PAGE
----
In what follows it is important to remember that each of the four of us who post here state opinions that may or may not be shared by the whole group. So, in this I am speaking only for myself in order to "share in robust, if polite, discussion..."
I appreciate the open statement by Archbishop Mark Haverland of the ACC (the Anglican Catholic Church) that was posted here on August 26th. The request for clarification from the TAC-ACA (the Traditional Anglican Communion, with its branch in the United States, the Anglican Church in America) is a positive and responsible approach by the Metropolitan of the ACC in what can be interpreted as a move toward unity. Nonetheless, we still have a problem of undefined standards, and apparent inconsistency in the application of principles. Furthermore, the ACC position on the subject of communio in sacris status with churches of the Anglican Communion symbolically " headed" by the See of Canterbury is shared with none of the other jurisdictions, as far as can be determined. As a result, the state of full communion between the ACC, the APCK (Anglican Province of Christ the King) and the UEC (United Episcopal Church), recently called "the circle of three," seems like a case of selectively applied principles, which still leaves us with the apparent selection of the TAC-ACA for exclusion based on principles apparently not extended to the APCK.
The APCK does have clergy who are still licensed in the Episcopal Church. I know of one of these men because his ministry preceded my arrival in Arizona. He served the people of the same mission church before I arrived. He is an Episcopal priest (a fine man who serves both God and his country by placing himself willingly in harm's way as a navy chaplain), and he has been welcomed and licensed to minister as a priest in the Diocese of the Southwestern States, Anglican Province of Christ the King for a few years now. He is not the only such priest ministering in the APCK.
If I understand the ACC's principles in this matter, they are not able in good conscience to be in a state of communio in sacris with any church body that is itself in a state of communio in sacris with any church of the official Anglican Communion. It does not matter if a diocese is under a bishop who is himself fully orthodox in doctrine, a man who does not "ordain" women or approve of any other heresies. Because that diocese is in a church of the official Anglican Communion, as the ACC appears to be saying, that bishop is treated as no different from the revisionists themselves. If a member church of the Anglican Communion has kept itself pure from revision, from all the trendy heresies of doctrine and morals, but is in communion with Canterbury, then the same principle applies to that entire "national church of the Anglican Communion." This applies to American bishops of the Episcopal Church, such as Bishops Iker, Ackerman and Schofield, and to whole churches such as the Anglican Church of Nigeria and its Primate, Archbishop Peter Akinola.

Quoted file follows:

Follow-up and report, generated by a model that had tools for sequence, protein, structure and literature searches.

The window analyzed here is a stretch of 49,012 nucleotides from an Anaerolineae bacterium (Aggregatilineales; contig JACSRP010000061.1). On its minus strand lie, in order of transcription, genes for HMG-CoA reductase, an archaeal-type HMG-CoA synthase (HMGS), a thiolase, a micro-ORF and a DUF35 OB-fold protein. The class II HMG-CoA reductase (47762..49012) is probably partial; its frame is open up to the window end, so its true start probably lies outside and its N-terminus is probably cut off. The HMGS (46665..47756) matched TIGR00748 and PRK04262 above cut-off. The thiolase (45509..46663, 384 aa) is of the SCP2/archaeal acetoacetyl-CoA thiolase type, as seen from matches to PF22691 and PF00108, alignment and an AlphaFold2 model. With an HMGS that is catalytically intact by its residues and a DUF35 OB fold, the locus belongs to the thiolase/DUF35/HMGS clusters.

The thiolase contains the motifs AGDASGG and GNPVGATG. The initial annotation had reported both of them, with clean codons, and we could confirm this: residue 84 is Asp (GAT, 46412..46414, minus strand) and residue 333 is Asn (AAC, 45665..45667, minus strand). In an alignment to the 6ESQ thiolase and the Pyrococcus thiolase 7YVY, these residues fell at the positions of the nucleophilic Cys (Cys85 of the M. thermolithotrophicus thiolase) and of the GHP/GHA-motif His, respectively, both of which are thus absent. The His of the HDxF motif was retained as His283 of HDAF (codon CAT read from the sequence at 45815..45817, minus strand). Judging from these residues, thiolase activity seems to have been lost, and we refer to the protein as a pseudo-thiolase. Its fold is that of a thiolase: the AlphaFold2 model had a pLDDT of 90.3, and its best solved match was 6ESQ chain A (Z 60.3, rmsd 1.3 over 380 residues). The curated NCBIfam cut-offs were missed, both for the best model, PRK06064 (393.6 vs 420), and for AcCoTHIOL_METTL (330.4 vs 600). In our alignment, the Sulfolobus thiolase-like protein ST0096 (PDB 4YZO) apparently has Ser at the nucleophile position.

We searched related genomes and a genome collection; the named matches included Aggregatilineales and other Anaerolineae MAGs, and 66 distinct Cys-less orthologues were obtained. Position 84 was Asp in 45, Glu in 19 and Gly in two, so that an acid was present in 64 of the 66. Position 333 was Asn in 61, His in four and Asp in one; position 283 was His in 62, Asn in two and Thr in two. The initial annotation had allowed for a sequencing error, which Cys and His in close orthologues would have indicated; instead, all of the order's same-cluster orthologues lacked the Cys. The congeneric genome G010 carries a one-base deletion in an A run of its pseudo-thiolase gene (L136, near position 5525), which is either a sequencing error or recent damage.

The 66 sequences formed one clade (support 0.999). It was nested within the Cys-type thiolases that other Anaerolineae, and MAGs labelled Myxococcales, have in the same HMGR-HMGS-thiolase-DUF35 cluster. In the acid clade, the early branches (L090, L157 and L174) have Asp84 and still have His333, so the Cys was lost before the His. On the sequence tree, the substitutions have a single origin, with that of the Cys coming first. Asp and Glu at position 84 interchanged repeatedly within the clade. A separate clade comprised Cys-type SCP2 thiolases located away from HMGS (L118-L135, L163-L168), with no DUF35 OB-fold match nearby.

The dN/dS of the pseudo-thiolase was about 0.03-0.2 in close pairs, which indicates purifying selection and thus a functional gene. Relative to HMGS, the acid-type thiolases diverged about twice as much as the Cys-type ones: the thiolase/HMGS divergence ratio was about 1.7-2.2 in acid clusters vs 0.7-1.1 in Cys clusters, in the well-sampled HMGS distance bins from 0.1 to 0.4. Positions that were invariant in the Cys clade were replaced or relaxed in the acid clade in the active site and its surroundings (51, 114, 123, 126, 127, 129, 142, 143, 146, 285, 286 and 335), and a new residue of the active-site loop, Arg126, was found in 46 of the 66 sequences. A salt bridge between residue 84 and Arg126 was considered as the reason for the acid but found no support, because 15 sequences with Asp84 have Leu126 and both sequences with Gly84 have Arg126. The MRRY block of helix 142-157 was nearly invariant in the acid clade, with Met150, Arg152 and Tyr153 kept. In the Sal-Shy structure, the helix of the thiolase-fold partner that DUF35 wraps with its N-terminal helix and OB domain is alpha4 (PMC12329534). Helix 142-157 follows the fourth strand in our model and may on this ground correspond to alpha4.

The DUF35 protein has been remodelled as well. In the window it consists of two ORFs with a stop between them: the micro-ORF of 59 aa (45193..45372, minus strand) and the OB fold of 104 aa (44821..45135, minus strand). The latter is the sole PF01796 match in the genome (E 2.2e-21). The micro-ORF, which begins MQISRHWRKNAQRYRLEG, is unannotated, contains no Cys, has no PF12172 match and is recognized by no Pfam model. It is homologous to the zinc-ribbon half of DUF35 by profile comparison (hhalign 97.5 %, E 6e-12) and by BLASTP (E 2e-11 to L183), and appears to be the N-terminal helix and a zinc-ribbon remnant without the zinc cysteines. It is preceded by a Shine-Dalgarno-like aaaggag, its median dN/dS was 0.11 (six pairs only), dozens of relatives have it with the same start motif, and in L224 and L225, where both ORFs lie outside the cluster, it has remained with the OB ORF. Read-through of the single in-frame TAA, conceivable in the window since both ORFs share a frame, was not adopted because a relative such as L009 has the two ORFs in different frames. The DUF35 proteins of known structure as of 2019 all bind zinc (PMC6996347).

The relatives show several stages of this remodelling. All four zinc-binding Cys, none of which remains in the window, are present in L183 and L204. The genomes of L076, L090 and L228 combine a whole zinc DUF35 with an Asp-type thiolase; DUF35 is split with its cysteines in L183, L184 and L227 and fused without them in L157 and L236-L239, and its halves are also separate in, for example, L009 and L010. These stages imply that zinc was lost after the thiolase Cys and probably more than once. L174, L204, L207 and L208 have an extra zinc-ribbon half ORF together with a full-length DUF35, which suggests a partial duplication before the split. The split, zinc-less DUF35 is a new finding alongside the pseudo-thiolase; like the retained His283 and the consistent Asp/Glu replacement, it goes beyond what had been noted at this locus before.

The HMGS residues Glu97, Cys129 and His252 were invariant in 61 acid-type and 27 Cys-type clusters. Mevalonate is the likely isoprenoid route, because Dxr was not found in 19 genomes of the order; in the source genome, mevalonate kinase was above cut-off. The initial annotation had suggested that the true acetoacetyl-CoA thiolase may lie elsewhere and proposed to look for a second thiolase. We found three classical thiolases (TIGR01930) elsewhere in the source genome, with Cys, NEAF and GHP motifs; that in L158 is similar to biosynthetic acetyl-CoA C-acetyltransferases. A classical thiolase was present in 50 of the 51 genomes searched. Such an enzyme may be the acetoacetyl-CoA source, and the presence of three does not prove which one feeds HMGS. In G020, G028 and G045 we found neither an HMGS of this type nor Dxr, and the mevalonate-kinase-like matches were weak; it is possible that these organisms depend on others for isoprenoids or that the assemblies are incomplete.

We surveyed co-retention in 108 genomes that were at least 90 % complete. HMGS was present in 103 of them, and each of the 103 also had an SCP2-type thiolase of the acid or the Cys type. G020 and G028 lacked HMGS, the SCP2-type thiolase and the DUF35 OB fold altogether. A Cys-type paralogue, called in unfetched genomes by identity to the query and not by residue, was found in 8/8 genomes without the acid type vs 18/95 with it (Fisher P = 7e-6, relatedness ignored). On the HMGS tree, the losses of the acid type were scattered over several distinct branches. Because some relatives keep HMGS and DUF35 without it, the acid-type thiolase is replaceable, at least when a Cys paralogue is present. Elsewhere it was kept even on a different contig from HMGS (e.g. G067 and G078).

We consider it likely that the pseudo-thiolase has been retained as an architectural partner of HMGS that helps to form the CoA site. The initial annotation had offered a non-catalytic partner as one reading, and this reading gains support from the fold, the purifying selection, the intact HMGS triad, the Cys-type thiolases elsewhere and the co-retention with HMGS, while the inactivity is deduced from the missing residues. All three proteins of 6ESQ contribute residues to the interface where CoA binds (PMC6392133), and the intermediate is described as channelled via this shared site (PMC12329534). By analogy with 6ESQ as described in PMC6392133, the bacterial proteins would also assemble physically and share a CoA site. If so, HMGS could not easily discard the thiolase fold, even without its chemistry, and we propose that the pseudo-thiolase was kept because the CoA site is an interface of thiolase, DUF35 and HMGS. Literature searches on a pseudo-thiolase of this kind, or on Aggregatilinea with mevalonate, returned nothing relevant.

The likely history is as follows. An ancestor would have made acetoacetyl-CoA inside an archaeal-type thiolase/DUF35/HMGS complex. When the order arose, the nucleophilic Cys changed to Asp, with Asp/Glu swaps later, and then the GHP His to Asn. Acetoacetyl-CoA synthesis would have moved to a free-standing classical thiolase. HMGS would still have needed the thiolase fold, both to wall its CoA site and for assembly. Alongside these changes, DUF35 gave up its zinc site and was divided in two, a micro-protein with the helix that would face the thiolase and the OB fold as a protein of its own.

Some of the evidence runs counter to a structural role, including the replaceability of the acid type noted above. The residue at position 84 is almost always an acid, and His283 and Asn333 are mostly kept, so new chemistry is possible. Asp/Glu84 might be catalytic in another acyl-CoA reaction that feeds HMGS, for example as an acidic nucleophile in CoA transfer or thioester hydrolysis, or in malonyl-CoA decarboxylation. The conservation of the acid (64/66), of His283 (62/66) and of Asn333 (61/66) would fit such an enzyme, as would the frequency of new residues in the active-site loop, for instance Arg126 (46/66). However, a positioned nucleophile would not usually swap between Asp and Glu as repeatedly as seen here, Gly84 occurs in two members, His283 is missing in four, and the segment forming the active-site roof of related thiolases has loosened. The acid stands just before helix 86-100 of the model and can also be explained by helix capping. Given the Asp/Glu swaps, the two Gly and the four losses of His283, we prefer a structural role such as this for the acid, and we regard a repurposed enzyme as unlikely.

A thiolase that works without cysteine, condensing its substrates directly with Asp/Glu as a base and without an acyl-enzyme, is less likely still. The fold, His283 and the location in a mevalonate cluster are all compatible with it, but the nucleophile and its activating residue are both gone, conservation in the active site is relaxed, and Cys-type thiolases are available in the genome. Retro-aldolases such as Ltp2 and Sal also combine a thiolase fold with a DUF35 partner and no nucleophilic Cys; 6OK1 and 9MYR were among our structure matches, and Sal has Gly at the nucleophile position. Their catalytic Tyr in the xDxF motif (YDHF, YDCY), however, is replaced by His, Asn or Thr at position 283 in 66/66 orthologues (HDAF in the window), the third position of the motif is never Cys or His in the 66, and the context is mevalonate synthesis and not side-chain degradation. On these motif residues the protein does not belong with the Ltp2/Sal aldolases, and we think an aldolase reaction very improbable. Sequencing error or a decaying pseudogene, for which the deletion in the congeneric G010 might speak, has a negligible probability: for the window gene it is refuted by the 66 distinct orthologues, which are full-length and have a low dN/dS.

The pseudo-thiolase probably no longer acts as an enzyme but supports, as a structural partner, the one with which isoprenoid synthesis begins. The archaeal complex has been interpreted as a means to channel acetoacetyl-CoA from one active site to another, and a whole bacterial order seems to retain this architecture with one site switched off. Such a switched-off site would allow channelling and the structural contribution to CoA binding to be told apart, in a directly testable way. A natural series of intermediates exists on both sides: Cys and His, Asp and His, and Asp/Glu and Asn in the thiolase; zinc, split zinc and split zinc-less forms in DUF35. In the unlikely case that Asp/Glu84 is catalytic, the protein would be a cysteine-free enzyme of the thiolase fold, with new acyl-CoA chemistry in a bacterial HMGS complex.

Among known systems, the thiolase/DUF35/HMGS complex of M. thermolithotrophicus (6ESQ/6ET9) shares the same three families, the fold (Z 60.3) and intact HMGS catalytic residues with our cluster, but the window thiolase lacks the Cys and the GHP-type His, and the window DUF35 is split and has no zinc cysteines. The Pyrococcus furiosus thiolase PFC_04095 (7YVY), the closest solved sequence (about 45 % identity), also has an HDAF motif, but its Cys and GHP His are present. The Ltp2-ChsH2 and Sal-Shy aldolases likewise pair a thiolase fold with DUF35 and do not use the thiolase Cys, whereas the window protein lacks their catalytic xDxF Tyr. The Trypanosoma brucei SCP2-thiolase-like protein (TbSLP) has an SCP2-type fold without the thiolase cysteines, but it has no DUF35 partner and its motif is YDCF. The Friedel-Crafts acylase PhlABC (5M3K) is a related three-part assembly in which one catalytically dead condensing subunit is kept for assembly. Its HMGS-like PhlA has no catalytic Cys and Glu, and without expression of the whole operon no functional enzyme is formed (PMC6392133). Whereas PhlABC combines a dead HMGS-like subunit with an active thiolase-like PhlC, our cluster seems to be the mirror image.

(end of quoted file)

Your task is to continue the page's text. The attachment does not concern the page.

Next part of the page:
I do not consider myself qualified to judge the ACC in this matter, either to approve or disapprove. But, this principle that they have developed over the years was never agreed upon by the entire Continuum as a movement- which has never really agreed on anything that states principles since the Affirmation of St. Louis itself, written in 1977 with a clause that states the intention of remaining within the Anglican Communion and with the See of Canterbury specifically. Obviously, as that was written before the immediate rejection of the Continuing Church by then Archbishop of Canterbury Donald Coggin (who tried to kill the whole movement at its birth in January 1978), and before the Church of England itself approved the "ordination" of women in 1992, we do not expect any church of the Continuum to abide by that original commitment.
Nonetheless, the principle currently stated as a reason why clarification is needed from the TAC-ACA, should apply to the same "circle of three" that has agreed among its member bodies to be in a state of full communio in sacris with each other. How can the ACC be in the state of communio in sacris with a church that allows within its jurisdiction the ministry of currently licensed priests of the Episcopal Church, and yet claim to stand firm on this principle? Here I am making no judgment concerning the widely stated principle of the ACC, or concerning the APCK for allowing certain Episcopal clergymen to minister as priests within it. The purpose of writing this is to point to an area that needs definition and clarification beyond what Archbishop Haverland wrote, and some definition and agreement among the wider Continuum.